4.selling out isn’t possible, kevin barnes

i love of montreal’s music. the essay by barnes is against all the “indie-fascists” who say it’s wrong for a musician (or any artist, for that matter) to make money. but it’s more than that, he talks about capitalism as “an interesting challenge,” which i think is a valid view of capitalism.

5.introduction to lost in the archives, rebecca comay

although it is very short – it is profound. she talks about the “trauma” of the archive: “trauma, not is some vague, trendy sense (a whiff of melancholy here, a blurry photo there). but trauma in a technical, freudian sense: trauma as the slippage or non-synchronicity of experience.” why is it that we remember the bad, but often face real difficulty when trying to speak or write about it? if this piece were longer …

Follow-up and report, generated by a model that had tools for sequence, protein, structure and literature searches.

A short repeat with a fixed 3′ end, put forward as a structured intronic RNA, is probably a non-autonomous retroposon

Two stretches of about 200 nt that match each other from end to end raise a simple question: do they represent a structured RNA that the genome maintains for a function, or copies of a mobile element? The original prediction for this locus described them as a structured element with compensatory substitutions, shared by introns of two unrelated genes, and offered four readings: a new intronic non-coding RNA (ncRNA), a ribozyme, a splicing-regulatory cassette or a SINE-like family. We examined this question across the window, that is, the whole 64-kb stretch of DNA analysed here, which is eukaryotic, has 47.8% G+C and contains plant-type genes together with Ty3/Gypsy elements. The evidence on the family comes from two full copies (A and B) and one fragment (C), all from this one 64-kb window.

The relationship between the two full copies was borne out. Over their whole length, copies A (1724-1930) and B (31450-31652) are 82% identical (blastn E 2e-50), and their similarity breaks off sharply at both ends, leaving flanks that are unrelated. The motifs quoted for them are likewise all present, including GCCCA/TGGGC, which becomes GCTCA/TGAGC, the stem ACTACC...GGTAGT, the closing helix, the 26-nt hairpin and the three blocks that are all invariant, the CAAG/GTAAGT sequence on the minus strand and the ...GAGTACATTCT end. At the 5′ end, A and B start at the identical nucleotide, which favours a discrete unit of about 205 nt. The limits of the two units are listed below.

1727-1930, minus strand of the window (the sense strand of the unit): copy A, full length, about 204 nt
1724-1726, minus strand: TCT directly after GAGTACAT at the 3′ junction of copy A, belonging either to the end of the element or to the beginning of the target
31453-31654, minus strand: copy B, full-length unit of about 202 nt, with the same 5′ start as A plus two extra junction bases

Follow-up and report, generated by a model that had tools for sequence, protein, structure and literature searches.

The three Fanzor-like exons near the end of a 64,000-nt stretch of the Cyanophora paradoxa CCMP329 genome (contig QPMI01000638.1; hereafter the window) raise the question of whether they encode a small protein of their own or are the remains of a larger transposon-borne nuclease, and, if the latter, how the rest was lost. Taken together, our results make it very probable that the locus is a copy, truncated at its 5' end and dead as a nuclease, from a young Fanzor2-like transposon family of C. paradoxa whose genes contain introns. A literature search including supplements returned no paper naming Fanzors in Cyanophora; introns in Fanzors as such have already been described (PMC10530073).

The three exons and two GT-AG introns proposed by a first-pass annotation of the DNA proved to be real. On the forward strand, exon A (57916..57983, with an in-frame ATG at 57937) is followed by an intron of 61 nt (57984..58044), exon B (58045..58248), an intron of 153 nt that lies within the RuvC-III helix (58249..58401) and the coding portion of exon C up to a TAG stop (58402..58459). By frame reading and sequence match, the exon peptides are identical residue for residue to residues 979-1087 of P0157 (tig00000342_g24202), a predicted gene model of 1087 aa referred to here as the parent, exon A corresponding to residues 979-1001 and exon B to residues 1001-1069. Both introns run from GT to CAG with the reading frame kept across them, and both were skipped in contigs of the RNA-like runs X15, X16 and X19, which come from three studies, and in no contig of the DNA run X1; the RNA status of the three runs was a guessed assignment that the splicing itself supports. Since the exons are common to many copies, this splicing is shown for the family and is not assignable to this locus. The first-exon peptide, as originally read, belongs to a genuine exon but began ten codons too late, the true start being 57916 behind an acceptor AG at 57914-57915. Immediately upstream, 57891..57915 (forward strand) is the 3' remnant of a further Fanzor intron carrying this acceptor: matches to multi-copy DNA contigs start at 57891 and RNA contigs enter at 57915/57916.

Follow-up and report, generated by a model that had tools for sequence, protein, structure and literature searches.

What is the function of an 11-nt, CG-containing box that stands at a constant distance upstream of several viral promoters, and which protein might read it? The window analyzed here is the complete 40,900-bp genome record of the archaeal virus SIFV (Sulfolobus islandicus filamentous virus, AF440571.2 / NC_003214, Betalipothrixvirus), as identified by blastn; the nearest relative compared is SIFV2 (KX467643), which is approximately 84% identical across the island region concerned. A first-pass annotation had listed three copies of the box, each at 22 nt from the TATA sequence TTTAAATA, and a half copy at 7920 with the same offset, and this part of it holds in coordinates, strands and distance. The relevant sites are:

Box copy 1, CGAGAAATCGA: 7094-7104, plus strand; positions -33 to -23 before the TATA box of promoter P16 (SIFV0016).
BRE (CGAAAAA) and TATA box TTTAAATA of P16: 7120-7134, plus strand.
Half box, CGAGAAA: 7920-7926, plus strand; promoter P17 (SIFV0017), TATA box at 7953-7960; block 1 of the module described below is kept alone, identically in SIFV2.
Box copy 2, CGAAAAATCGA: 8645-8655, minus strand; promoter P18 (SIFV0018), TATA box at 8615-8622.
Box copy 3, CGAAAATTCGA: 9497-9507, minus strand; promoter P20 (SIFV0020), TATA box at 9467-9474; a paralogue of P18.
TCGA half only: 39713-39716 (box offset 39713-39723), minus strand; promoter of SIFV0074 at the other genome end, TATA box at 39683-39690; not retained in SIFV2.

6.in search of lost time, marcel proust

i mean, if you ask me something specific about it, i could defend it as theory all day long. memory, forgetting, aesthetics, ethics, cruelty, manipulation, friendship, love, jealousy, death, incest, insanity … – it’s all there in proust.

7.literature and evil (on blake, bronte, kafka, proust), georges batailles

these essays are incredible. if only there were included his “lost essay” on lautréamont! it is funny that (some of) his favourite writers are english, which is surprising for a frenchman. (although i have read that proust’s favourite writer was ruskin, so, go figure.)

8.the marriage of heaven and hell, william blake